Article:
CAIRO (AFP) - Egypt's liquor stores are under growing pressure to stop selling alcohol, they say, not from the country's Islamist government, but from society itself.
The shelves of Mr Amir Aziz's central Cairo premises are stacked with beer, wine and spirits, but they are invisible from the street. He has covered the window with metal sheets to avoid angering conservative Cairo residents.
Like many liquor store owners in Egypt, Mr Aziz says the mood has changed drastically since the 2011 uprising that toppled Mr Hosni Mubarak and brought Islamists to power.
"There are no restrictions from the government on the sale of alcohol," he told AFP. "It's the people who are giving us trouble."
Since the fall of Mr Mubarak, Islamists long-suppressed by his regime have set up political parties and gained a voice in the media.
In June, Mr Mohamed Mursi, a member of the Muslim Brotherhood, was elected Egypt's first civilian president.
Consuming alcohol is banned under sharia, Islamic law, which is the main source of legislation according to Egypt's new constitution.
But Mr Aziz is doubtful the government would move to prohibit the sale of alcohol completely.
"I don't think the government will ban alcoholic drinks because they generate a lot of revenue from taxes," said Mr Aziz, who recently renewed his shop's alcohol licence without any difficulty.
"We have had no problems with the government so far. Our problems are always with the Salafists (ultra-conservative Islamists) who harass us, either verbally or with violence," he said.
Earlier in May, gunmen opened fire on a cafe in the north Sinai town of El-Arish that sold alcohol, killing a waiter.
Officials from Mr Mursi's government have made a string of statements in recent months that have raised the spectre of tighter restrictions on alcohol sales.
The government doubled beer tax to 200 per cent this month, with taxes on other alcoholic drinks rising from 100 per cent to 150 per cent.
In February, the New Urban Communities Authority said it would stop issuing alcohol licences to new housing developments, and in March, Aviation Minister Wael al-Maadawi announced plans to ban alcohol in the duty free shops his ministry runs.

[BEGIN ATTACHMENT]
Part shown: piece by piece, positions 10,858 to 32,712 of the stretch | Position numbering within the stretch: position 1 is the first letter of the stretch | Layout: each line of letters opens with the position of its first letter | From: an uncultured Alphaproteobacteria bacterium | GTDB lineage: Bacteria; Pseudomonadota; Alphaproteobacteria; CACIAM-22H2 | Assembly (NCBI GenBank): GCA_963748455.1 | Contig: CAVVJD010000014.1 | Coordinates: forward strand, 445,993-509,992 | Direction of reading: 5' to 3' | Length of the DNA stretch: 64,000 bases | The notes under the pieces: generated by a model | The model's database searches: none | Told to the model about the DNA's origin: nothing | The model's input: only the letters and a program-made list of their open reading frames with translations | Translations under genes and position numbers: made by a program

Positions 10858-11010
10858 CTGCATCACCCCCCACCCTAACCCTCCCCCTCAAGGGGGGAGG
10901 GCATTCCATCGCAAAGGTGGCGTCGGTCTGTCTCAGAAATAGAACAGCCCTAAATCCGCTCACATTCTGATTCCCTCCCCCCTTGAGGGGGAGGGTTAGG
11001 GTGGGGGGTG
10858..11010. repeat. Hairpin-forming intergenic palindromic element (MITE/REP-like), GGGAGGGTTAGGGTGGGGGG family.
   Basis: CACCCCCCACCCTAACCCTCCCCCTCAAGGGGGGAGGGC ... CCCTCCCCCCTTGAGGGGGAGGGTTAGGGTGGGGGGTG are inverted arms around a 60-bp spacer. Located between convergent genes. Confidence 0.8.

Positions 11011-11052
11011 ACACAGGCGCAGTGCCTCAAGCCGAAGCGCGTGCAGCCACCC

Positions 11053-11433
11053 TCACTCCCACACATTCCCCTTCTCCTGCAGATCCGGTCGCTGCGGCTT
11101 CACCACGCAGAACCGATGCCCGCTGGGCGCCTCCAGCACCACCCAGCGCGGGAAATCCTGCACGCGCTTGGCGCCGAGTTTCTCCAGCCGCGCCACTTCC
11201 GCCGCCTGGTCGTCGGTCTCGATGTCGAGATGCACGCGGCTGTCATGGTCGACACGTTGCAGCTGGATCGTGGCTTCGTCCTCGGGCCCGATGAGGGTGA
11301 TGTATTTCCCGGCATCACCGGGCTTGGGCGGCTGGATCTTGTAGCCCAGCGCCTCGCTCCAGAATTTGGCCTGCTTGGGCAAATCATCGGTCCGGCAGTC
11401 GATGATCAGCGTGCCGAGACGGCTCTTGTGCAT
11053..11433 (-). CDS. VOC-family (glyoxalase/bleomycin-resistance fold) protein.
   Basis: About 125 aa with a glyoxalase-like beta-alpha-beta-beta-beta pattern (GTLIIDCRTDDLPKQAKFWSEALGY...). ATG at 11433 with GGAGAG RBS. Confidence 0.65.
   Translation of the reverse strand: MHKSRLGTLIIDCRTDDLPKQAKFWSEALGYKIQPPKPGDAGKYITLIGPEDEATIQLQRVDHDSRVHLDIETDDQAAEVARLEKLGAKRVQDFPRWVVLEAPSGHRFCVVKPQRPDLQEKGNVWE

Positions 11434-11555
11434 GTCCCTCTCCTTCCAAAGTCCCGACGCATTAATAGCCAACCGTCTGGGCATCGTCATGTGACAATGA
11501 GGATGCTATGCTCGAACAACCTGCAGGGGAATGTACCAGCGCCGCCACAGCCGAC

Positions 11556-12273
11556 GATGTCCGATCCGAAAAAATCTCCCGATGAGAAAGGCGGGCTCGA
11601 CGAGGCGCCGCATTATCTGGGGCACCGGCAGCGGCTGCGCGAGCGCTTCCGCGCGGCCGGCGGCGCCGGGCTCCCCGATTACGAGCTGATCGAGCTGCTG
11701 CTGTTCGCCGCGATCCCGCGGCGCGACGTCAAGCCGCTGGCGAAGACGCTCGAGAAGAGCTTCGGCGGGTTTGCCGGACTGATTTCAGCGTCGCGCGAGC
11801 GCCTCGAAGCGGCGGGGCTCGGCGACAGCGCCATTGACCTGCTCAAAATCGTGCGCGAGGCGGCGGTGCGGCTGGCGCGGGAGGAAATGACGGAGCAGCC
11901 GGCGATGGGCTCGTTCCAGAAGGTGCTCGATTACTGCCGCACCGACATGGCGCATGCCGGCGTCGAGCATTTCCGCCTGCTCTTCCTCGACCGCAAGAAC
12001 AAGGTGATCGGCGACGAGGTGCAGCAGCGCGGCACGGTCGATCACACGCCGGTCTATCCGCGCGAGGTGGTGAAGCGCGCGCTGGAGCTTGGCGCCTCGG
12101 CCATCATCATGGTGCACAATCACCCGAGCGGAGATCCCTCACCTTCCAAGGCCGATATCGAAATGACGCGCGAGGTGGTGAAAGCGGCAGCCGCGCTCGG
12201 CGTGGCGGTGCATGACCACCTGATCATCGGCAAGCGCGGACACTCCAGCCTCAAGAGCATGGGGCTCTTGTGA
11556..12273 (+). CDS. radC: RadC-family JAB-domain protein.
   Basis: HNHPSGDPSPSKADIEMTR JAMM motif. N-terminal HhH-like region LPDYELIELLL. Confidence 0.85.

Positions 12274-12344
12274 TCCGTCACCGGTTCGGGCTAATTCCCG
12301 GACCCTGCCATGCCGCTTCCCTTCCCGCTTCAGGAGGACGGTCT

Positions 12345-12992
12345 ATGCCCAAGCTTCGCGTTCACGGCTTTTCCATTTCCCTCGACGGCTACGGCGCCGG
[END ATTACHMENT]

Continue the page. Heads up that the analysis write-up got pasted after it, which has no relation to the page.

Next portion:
But authorities say no formal instructions have been issued banning the sale of alcohol.
Mr Sherif, who did not want his last name used, manages Drinkies, an outlet for Al Ahram Beverages, Egypt's largest liquor store chain. He said they had not had any problems with authorities.
"The police give us no trouble, we get our licence renewed," he said.
But he said statements by Islamists, who oppose the sale of alcohol and drinking on religious grounds, are worrying. "We have hired extra security outside the shops," he said.
Another employee at the store, known only as Mr Samir, said they have to endure insults from passers-by because they sell a product that is prohibited by Islam.
"We're not forcing anyone to buy alcohol," Mr Samir said.
Despite the absence of official restrictions, many liquor stores are covering their store fronts because of pressure from society, residents told AFP.
At a duty free shop in central Cairo, employees said they would welcome a ban, even though they know it is unlikely because 80 per cent of their revenue comes from alcoholic drinks.
"I am for a ban because it's forbidden (in Islam) and it's against our customs, regardless of the Islamists being in power," said resident Shaimaa Hassan.
Mr Mohammed Zeidan, a spokesman for the Freedom and Justice Party (FJP) - the political arm of the Muslim Brotherhood - insists that in Islam "what is allowed is clear, and what is banned is clear". He said the current laws do not represent the views of the FJP.
"The laws that would satisfy us will be drafted by the people through their members of parliament," said Mr Zeidan.
Egypt has been without a parliament for almost a year after a top court declared it unconstitutional for technical reasons.
The price of a bottle of beer in Egypt has risen from 7.5 Egyptian pounds (S$1.35) to almost 12 Egyptian pounds.
According to the 2013-2014 budget, the government expects tax revenues of around one billion Egyptian pounds from beer alone, six times the amount of the previous budget.
"Of course raising taxes on beer can be seen as a restriction but it also leads to more revenue for the government," said economist Mahmud Negm.
"The figures show that the Egyptian government needs Egyptians to drink more beer, and not restrict them," he said.